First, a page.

SEATTLE | Banny and Zack and then what? Fade to black? The old Boston Braves could once yearn for two days of rain after Spahn and Sain. That works, too, even if it doesn’t rhyme.
What doesn’t work? John Bale. Not Tuesday, anyway. Nor Hideo Nomo. Nor Ron Mahay. Nor Yasuhiko Yabuta or Jimmy Gobble for that matter.
If the Royals were due for a clunker from their pitching staff, well, this 11-6 loss to the Seattle Mariners certainly qualifies. The Royals saw their cumulative ERA spike from an MLB-best 2.46 to 3.10.
Yep, it was a bad night.
It seemed even worse, of course, coming after successive complete-game gems by Brian Bannister and Zack Greinke in 5-1 victories the two previous days against the Twins and Mariners.
Bannister and Greinke are each 3-0, which means the Royals are 2-6 when someone else starts after settling for a split in their two-game series at Safeco Field.
Every Seattle starter reached safely in a 13-hit attack. Ichiro Suzuki stretched his hitting streak against the Royals to 26 games by going two for four. José Lopez drove in four runs. Yuniesky Betancourt had three RBIs, while Kenji Johjima had three hits and two RBIs. Bale, 0-3, pitched better than his numbers in losing his first two starts. Not this time. He lasted just one batter into the fourth inning and gave up five runs and seven hits.
Nomo was no better. He faced eight batters and five reached safely. Final count: four runs, three hits and two walks in one-plus inning.
Mahay yielded a two-run double to his first batter and allowed another inherited runner to score before getting charged with a run of his own. Yabuta and Gobble combined to allow Seattle’s final run in the seventh.
Only Joakim Soria escaped. He worked a one-two-three eighth in tuneup appearance. The staff meltdown was sufficient to waste the Royals’ top offensive output of the season. They had not scored more than five runs in any of their previous 13 games.
Billy Butler had a walk and a sacrifice fly in five plate appearances, but his hitting streak ended at 13 games. Tony Peña had two hits for the second straight game after starting the season at one for 31.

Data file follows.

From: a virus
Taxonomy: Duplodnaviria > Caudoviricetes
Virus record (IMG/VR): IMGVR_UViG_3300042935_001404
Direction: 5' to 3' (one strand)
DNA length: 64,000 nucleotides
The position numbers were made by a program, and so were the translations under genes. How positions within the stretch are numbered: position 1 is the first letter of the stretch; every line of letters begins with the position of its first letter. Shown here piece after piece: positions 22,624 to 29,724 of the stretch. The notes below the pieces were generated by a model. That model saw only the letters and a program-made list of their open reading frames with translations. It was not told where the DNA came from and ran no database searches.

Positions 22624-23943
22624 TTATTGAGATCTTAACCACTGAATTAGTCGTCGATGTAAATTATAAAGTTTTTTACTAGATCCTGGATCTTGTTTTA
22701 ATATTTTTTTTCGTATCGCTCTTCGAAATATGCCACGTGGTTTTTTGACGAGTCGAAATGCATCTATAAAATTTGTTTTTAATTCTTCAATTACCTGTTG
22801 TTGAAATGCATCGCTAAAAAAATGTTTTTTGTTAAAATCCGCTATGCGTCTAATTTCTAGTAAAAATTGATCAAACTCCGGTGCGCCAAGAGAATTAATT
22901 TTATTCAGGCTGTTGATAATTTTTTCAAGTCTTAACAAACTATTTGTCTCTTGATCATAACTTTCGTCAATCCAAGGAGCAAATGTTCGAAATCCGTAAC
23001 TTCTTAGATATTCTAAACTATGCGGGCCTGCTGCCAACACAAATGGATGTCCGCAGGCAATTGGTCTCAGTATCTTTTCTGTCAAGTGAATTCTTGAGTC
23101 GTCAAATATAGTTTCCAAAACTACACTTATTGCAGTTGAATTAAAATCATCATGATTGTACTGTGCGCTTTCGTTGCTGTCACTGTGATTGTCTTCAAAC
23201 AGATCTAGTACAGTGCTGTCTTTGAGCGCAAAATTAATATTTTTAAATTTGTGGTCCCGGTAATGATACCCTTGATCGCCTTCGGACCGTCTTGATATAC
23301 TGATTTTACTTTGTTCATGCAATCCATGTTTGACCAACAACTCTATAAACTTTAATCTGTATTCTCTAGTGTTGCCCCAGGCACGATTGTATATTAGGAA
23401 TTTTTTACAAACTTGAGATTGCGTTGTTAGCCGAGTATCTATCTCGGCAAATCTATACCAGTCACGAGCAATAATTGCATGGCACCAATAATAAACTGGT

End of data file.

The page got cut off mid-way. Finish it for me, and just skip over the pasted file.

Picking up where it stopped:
Seattle starter Miguel Batista, 1-2, wasn’t particularly sharp, either. He lasted the minimum five innings necessary to get the victory while giving up four runs and seven hits.
It was good enough, even after reliever Ryan Rowland-Smith gave up two runs in the sixth. Sean Green pitched two scoreless innings before Mark Lowe picked up an ineffective Arthur Rhodes in the ninth.
The Royals opened the game with singles by David DeJesus and Mark Grudzielanek and turned them into a 1-0 lead. The runners advanced on a wild pitch before Butler produced the run with a sacrifice fly to center.
The lead lasted just two hitters into the Seattle first.
Suzuki led off with a double and stole third before scoring on Lopez’s sacrifice fly to left.
Bale gave up two more runs in the second after José Vidro led off with a ground-rule double that hopped the right-field wall. Richie Sexson reached on a walk before Willie Bloomquist pushed an RBI single into right.
Betancourt made it 3-1 with a sacrifice fly to center. Three singles in the third extended the lead to 4-1 and matched the number of runs yielded by the Royals in 33 innings before Tuesday’s game.
The Royals pulled even by scoring three times in the fourth.
Butler led off with a walk and went to third on José Guillen’s double past third. The runners advanced on Alex Gordon’s ground out to first before John Buck lined an RBI single into the right-center gap.
Peña failed to execute a safety squeeze by fouling off a bunt with the infield back and then swung through a hit-and-run play that resulted in Buck being thrown out at second.
So what happens next? Peña hits a high chopper to third and beats the throw from Adrian Beltre for an RBI single. Peña stole second when Johjima threw wildly to second on a pitchout.
Maybe it was going to work out after all.
DeJesus walked, but Batista escaped further damage by retiring Grudzielanek on a grounder to second.
Bale began the fourth but made a quick exit after surrendering a leadoff single to Johjima. The bullpen had allowed just four runs in 31 previous innings this season. So it, too, was overdue for a mulligan.
Bloomquist punched a single to right against Nomo before Betancourt lined an RBI double into left-center field. Nomo struck out Suzuki but yielded a sacrifice fly to Lopez; the Mariners led 6-4.
Seattle loaded the bases against Nomo in the fifth on two walks after Beltre’s leadoff double.
Mahay replaced Nomo and yielded a two-run double to Johjima. The Mariners pushed their lead to 10-4 before Mahay retired the side.
The Royals spanked reliever Rowland-Smith for those two runs in the sixth but got no closer.